Are pro-fracking online comments coming from paid shills?

IP address search returns interesting results

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David Accomazzo

Here at Boulder Weekly, we welcome robust discussion of our
stories. We hope that whenever we tackle an issue in an article, those with
opinions from all sides of the political spectrum can come to the comments
section of our website and find a robust and respectful discussion.

We are so
open-minded that we even welcome comments from paid employees of some of the
people we write about. A reader, James, engaged in a back-and-forth with some
pro-fracking commenters on a recent
Boulder
Weekly
column written by
Paul Danish
. He then wrote a comment challenging us to do some “investigative
journalism” on the identities of his debate opponents, since he suspected they
were on the payroll of the oil and gas industry.

Well, we looked
into it. And James just might be onto something. We entered IP addresses of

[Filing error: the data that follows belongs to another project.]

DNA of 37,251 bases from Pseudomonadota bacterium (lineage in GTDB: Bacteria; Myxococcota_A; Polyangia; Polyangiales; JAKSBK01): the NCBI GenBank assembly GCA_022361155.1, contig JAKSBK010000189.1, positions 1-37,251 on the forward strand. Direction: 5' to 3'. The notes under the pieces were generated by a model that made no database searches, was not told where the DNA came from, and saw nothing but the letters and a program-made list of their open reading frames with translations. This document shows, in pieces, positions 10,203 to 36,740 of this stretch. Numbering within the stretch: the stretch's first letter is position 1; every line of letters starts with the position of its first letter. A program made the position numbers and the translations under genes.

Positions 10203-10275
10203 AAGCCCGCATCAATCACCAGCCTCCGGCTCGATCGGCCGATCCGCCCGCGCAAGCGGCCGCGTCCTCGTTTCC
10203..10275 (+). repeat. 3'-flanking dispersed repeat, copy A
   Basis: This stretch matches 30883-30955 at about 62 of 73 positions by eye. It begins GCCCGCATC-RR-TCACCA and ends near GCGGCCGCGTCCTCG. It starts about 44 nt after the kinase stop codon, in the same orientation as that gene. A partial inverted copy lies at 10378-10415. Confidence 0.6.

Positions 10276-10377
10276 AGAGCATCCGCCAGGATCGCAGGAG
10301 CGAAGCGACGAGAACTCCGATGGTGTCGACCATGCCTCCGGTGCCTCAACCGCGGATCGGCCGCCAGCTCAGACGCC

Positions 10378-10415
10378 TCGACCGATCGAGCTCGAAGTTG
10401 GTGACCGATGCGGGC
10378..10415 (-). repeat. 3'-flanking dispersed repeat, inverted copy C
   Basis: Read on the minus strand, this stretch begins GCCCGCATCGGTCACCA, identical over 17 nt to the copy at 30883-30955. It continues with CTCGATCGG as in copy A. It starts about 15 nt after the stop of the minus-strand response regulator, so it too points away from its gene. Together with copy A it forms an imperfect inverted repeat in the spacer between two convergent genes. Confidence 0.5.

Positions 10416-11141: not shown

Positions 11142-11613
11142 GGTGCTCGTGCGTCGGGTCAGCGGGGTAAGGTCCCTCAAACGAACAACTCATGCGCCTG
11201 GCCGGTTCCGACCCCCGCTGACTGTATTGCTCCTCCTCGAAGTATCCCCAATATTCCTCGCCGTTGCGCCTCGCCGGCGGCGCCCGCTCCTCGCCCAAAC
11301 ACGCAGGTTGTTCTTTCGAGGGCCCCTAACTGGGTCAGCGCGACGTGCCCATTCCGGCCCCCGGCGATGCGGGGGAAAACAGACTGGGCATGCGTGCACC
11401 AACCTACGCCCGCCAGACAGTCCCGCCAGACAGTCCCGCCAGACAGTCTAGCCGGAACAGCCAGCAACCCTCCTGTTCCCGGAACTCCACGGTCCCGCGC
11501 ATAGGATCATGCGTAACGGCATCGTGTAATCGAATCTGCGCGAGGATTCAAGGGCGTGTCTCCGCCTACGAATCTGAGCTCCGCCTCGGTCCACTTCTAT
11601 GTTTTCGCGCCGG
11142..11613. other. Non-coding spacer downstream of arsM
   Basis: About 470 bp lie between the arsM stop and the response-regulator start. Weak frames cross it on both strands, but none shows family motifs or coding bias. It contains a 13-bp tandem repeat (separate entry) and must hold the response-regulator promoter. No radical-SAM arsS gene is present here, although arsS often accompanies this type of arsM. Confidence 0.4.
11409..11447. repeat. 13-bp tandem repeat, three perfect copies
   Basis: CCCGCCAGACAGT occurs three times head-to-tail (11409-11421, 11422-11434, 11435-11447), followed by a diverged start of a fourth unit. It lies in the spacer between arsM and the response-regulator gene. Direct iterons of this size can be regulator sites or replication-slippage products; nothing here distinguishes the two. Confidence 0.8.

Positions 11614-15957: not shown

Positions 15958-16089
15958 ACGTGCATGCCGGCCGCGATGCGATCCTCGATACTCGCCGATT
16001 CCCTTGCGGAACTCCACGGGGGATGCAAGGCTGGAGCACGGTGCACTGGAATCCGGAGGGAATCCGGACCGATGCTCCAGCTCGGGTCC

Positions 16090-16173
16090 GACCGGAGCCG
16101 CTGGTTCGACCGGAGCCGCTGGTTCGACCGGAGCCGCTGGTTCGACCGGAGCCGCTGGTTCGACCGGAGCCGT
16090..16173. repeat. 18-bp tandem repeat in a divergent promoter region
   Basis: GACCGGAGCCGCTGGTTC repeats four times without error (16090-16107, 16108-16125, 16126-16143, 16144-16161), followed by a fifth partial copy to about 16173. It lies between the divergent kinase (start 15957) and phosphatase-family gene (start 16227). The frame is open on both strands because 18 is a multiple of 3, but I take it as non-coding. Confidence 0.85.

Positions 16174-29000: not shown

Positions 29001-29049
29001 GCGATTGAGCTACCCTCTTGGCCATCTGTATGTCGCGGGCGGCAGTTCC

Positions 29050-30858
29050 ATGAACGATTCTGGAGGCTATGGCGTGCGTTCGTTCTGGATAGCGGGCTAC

some pro-fracking commenters on our website into a WHOIS database and were able
to track two commenters to two separate IP addresses registered to Noble Energy
and one commenter to an IP address registered to Anadarko Petroleum Corporation.

Of course,
there’s nothing wrong with oil and gas employees expressing their pro-fracking
opinions on our website. Still, it’s pretty
interesting to note that the majority of pro-fracking comments on one article
on our website came from two major oil and gas companies.

Online comment
boards and discussion groups are increasingly becoming targets for PR firms,
corporations and possibly even the government.

Can we add oil
and gas companies to the list? Perhaps. We’ll keep an eye on it.